The Rise in Luxury Hotel Prices in Miami

While Miami has long been a hotspot for well-off vacationers, the latest numbers suggest that the city’s hotel prices have jumped above the national average.

The Miami-Dade area might have reported chillier temperatures than usual in the past month, but unlike the weather, its hotel market remains one of the country’s hottest. According to the latest reports, revenues from Miami hotel rooms have been growing, even as prices per room have remained stable. These numbers for Florida’s most popular vacation destination are on par with trends in recent years, during which hotel prices rose 56% from 2019 to 2022, costing hundreds of dollars more than usual to vacationers.

Explaining the latest numbers

On the one hand, it may seem like the Miami-Dade area may be experiencing a slump, with reports of fewer visitors, lower hotel occupancy, and lower per-room prices. But a closer look at the numbers reported by the Greater Miami Convention & Visitors Bureau shows that things are not too shabby in the Sunshine State. According to bureau statistics released in March 2024, Miami-Dade is still number two in the entire United States for occupancy rates and revenue per available room, and third for room rates. Compared to January 2023, occupancy and revenue in early 2024 have grown by 3.9% even as the average price per room remained the same.


Why the initial price surge?

Miami has long been a popular destination for national and foreign travelers alike. The city, with its thriving nightlife, vibrant culture, world-renowned events like Art Basel, and extensive restaurant scene, has so much more to offer than its already appealing sun-soaked oceanside. When the last pandemic restrictions lifted and people eagerly returned to travel, Miami’s enduring popularity resulted in higher demand than rooms were readily available in the luxury hotel market, with the city welcoming 26.5 million visitors in 2022 according to the Greater Miami Convention & Visitors Bureau. Further exacerbating the imbalance was the fact that during the pandemic, hotels had significantly slowed operations, reduced capacity, and cut staff.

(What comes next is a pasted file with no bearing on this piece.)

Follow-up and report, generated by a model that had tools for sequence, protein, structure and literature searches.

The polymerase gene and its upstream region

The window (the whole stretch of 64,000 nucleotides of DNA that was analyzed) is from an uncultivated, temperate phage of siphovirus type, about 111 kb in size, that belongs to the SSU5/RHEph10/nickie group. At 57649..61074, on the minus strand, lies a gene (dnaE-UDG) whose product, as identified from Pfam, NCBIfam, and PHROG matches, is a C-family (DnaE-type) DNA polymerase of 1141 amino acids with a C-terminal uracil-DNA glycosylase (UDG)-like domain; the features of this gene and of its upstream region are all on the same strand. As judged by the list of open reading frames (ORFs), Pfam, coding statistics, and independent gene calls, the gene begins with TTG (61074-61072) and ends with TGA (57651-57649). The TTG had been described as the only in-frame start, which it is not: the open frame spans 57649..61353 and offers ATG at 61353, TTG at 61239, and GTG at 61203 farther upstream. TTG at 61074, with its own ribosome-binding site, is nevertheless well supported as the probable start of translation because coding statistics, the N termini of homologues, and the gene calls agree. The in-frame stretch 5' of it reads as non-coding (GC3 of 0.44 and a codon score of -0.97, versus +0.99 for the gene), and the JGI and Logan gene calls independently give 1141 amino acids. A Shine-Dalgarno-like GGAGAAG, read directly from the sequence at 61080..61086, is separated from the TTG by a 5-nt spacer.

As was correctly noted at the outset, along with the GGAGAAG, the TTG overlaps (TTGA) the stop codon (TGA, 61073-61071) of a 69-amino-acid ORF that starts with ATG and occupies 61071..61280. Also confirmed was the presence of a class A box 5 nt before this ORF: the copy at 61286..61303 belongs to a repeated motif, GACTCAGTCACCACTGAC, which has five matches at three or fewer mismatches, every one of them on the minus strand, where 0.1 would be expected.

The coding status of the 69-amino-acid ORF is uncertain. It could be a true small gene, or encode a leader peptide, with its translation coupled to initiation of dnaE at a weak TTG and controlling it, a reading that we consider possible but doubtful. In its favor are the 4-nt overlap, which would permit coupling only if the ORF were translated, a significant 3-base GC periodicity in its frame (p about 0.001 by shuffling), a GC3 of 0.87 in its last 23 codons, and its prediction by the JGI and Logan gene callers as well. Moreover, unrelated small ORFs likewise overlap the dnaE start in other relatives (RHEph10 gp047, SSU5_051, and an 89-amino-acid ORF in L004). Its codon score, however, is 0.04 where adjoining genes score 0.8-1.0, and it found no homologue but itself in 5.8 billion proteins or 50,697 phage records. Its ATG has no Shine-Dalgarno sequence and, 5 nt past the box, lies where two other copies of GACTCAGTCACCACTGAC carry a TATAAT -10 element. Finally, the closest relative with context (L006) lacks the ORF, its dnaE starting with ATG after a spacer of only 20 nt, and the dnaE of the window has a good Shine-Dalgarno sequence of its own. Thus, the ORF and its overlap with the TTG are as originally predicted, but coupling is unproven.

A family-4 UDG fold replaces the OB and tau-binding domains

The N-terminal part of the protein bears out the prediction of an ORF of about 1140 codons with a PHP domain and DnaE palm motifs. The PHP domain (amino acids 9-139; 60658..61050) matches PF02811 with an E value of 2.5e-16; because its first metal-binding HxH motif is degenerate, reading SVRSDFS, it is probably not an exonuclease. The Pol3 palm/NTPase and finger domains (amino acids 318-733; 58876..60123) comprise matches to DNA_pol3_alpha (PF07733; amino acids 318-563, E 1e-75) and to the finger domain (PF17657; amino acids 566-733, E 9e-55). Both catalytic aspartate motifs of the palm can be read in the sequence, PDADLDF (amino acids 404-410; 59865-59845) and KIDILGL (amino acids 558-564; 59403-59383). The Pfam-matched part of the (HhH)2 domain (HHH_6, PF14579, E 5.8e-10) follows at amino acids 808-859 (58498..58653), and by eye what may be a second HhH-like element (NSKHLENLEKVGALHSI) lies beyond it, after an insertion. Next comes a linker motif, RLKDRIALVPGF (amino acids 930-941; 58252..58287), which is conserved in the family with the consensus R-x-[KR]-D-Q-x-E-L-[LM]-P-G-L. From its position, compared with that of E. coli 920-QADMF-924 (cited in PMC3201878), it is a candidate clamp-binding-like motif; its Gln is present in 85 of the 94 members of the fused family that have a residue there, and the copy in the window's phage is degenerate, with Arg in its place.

But the disparity between supply and demand for rooms isn’t the only reason for the price spike. While the pandemic disrupted supply chains, leading to shortages and increased costs for materials and labor, it also served as a catalyst for major population relocation to Florida. Financial Times reported that in the 12 months after July 1, 2020, 220,890 Americans moved to Florida — more than to any other state. Florida was long a low-tax, business-friendly haven, but the state’s incredibly lax COVID regulations sealed the deal for many individuals who left their own home states to pursue permanent tropical weather and limitation-free living. And the trend didn’t just affect everyday citizens. Billionaires like Carl Icahn, who moved his hedge fund from New York to Miami, brought their business to the state. This movement contributed to an increase in housing prices and the overall cost of living.

Future Outlook

While pandemic restrictions might be a thing of the past, the mass migration to Florida of Americans is still ongoing. In fact, in 2023 Florida was the second-most “moved-to” state in America.


In late 2023, several five-star hotels signed deals to break ground on Miami’s world-famous shoreline, signaling that developers expect anything but a slowdown in future occupancy rates and numbers at luxury hotels in Miami. In addition, the Robb Report included two of these upcoming luxury additions in its elite list of the most anticipated five-star hotel openings, an honor that is sure to spark increased travel to Miami by connoisseurs of luxury hotels.


Miami’s luxury hotel market is undergoing a remarkable transformation fueled by rising demand and significant investment in upgrades and renovations. While the future trajectory of prices remains uncertain, Miami’s resilience and ongoing appeal to high-net-worth individuals suggest that its luxury hotel market will continue to reach new heights in the years to come.

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